Every week, I get e-mails from well-meaning fundraisers talking about “them.”
Sometimes, it’s a non-profit that wants to raise more money, but doesn’t want to ask their donors or board for any more help. But, we know there are lots of big donors in our city. How do we reach “them” with a letter?
Other times, it’s an organization that keeps trying to reach a couple of big companies in town, but can’t get a meeting, no matter how many times they call. How can we reach “them?”
Or maybe it is a charity that wants to raise money for a new project, and wants to know if there is a list of people “who give to this sort of thing.” How do we reach “them?”
I’ve got bad news for any non-profit that is thinking like this…
“They” Will Never Give to Your Non-Profit
These are donors who don’t know you. They don’t know your staff or your board. They don’t know your work. Why should they give their money to you? Imagine if someone you never met called you on the phone and asked you for $1,000 for a cause that sounded nice, but you never heard of. Would you make a donation? Do you have time to do a 60 minute meeting with the caller in the middle of your week?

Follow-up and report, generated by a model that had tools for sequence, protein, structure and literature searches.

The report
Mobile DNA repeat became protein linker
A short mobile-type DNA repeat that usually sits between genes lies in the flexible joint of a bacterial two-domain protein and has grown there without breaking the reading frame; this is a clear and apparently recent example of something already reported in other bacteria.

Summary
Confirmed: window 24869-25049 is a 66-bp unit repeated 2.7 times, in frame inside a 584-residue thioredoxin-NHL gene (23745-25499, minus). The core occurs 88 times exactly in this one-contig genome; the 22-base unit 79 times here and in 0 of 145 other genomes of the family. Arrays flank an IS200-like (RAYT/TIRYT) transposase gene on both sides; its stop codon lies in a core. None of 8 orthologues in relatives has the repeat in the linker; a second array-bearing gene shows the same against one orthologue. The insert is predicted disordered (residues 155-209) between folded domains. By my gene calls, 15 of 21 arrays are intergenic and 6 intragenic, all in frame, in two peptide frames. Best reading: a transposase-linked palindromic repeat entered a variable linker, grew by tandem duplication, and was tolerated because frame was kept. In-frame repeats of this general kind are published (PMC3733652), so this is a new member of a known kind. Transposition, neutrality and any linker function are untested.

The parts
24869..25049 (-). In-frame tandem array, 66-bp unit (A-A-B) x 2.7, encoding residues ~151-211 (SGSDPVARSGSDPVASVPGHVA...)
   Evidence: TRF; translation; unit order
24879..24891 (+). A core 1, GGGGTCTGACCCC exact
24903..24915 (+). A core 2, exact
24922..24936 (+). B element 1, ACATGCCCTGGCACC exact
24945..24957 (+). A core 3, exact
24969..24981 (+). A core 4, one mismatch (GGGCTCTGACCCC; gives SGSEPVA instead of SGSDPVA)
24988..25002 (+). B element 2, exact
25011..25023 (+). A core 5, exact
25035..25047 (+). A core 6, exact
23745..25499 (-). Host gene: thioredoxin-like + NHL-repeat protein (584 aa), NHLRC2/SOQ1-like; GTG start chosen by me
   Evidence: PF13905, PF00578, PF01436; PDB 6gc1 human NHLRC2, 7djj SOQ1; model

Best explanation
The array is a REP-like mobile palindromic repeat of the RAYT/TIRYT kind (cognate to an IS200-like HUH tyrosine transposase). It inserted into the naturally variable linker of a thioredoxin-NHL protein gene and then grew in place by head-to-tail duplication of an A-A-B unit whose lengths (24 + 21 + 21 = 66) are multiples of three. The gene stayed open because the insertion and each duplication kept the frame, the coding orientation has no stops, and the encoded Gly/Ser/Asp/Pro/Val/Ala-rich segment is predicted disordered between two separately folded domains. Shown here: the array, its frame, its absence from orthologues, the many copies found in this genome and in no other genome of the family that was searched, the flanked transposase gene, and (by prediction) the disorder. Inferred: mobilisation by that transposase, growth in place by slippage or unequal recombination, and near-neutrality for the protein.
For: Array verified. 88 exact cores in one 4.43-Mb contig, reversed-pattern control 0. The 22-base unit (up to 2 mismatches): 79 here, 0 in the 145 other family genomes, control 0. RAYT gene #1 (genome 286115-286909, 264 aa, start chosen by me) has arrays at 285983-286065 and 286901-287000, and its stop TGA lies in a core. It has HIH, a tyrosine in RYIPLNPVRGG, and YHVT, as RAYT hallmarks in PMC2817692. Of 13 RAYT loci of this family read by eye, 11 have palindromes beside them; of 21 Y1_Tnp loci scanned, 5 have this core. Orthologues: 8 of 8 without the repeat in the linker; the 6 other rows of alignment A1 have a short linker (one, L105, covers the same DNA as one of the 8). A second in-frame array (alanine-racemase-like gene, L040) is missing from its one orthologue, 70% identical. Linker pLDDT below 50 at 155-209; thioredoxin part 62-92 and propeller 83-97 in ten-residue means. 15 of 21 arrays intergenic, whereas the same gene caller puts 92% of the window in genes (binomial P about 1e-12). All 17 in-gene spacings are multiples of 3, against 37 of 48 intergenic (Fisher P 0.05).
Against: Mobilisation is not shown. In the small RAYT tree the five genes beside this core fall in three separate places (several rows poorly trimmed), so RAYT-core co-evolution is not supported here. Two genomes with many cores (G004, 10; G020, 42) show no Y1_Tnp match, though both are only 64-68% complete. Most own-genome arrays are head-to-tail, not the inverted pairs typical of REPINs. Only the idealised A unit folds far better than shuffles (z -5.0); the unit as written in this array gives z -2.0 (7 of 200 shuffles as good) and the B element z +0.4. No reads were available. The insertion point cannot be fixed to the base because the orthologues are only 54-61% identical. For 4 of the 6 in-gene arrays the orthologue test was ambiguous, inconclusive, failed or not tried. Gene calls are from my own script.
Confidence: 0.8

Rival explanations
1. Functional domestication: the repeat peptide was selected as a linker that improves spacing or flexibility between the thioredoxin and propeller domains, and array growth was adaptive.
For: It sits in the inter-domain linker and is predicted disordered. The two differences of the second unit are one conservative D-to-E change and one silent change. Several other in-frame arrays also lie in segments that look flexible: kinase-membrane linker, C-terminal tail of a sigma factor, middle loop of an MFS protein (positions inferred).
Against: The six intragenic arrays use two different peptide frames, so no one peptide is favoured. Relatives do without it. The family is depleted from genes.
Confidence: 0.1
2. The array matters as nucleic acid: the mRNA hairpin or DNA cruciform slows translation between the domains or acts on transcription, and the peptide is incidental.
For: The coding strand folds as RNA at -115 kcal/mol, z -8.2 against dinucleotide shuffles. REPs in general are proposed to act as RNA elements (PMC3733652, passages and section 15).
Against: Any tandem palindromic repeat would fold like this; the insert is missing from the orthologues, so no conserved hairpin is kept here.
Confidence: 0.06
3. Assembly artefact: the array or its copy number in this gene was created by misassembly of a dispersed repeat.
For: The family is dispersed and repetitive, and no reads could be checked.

The only way to raise the money your organization needs to thrive is to focus on we, us, and our.
We need to raise money, so we (including our board and staff) need to be focused on it, and willing to do the work.
The best way to find new donors is to talk to people who already know us, to ask them to introduce us to their friends, to become part of our team.
We should constantly be asking our donors, volunteers and friends to help us meet new people and expand our fundraising network.
For new non-profits, this means relying on the founding board and staff to build a fundraising network the old-fashioned way: with conversations, meetings and phone calls. For more mature organizations, this means thinking in terms of the second ask, referrals and non-ask events.
Of course, we don’t talk to donors this way. When we communicate with donors, we talk about “you” and “yours.” But when we think about donors, we think about them as part of “we” – they are part of our team.
“They” won’t come to your rescue. But your current donors and supporters will.
Photo Credit: The Arches